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INDIANAPOLIS — The newest iPhone software update made some big waves a few weeks back for its latest features that allowed users to express their creativity. But beyond those features were accessibility upgrades that are doing a lot to help those with disabilities.

The Sound Recognition feature can “actively listen” for certain sounds including alarms, barking dogs, cars driving by, doorbells or knocks, even babies crying and alert the user.

Headphones can now also be used as listening devices to hear spoken words and frequencies better, though the feature is only compatible with iPhone or Beats by Dre earphones.

For those who use FaceTime, the app can now detect and recognize sign language and give the user more prominence in the conversation. This was an issue as FaceTime previously only recognized voices during a conversation.

For those who use them, accessibility features can also be accessed easier through a new feature called “Back Tap.”

“Which can be really helpful. Anytime you’re trying to access a device can sometimes be really challenging for people with disabilities, specifically getting access to certain accessibility features. For the longest time you had to dig through the menu system to find those accessibility features, but now they have this thing called back tap where you can either double tap the back of your screen, or triple tap the back of your screen, and you can launch other accessibility features or just standard features of the iPhone directly from just tapping the back of your phone. So it gives people another alternative access method to get access to those devices,” director of assistive tech for Easterseals Crossroads Brian Norton said.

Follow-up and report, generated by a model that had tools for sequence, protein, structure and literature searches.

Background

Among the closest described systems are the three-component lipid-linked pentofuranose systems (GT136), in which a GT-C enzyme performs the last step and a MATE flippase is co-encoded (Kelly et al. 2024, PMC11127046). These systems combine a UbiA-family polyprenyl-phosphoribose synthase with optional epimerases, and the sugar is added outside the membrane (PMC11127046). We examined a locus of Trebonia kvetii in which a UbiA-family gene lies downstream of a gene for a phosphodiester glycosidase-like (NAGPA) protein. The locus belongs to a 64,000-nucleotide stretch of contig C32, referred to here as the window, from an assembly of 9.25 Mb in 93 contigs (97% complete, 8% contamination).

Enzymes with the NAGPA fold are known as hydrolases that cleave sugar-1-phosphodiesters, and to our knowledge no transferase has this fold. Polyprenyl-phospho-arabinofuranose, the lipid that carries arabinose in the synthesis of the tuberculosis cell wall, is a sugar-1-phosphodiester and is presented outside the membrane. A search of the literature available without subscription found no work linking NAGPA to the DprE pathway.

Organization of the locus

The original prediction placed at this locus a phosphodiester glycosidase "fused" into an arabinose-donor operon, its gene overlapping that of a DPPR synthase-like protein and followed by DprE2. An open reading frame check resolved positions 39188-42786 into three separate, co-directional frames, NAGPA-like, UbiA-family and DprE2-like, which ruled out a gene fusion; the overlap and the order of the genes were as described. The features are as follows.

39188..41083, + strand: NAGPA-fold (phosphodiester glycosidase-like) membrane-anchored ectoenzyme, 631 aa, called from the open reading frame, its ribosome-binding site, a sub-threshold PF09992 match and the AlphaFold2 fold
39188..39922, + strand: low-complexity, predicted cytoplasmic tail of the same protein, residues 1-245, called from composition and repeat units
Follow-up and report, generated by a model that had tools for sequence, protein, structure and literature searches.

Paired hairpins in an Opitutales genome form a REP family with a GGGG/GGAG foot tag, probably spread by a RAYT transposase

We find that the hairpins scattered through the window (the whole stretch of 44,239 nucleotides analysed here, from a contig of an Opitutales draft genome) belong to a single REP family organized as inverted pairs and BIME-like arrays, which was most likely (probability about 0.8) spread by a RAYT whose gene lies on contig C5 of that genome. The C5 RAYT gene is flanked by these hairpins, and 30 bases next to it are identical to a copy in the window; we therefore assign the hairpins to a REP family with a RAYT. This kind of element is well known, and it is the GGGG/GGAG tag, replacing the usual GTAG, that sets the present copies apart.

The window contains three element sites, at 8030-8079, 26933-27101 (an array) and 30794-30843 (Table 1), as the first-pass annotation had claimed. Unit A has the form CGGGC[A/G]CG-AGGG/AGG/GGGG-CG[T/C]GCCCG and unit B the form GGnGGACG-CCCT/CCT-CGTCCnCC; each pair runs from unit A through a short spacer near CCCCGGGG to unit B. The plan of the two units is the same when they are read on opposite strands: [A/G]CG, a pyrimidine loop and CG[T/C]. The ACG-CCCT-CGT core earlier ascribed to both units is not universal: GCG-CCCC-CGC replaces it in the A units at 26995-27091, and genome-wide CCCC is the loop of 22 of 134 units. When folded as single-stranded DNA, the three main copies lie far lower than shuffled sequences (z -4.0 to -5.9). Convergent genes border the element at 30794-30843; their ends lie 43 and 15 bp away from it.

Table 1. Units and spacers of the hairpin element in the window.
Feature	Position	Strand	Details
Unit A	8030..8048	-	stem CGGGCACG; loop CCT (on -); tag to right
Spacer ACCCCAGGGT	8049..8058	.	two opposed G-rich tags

The Back Tap feature does require set up by the user.

Accessibility features are certainly not exclusive to iPhone. Users can find plenty of accessibility features with Android phones that are comparable to the ones iPhone has. Norton says the bigger point is that technology can make a big difference and help those who need it, get access to tools that help them live full and independent lives.

“For folks with disabilities, it opens up a huge world for them, because they can just access it from a very small device. And again it’s one of those most accessible devices out there so it really lends itself to be pocket sized and carry it around with them and it gives them the tools they need to access it well,” he said.

If you are someone with a disability who needs a little help navigating the world you can reach out to groups like Easterseals Crossroads.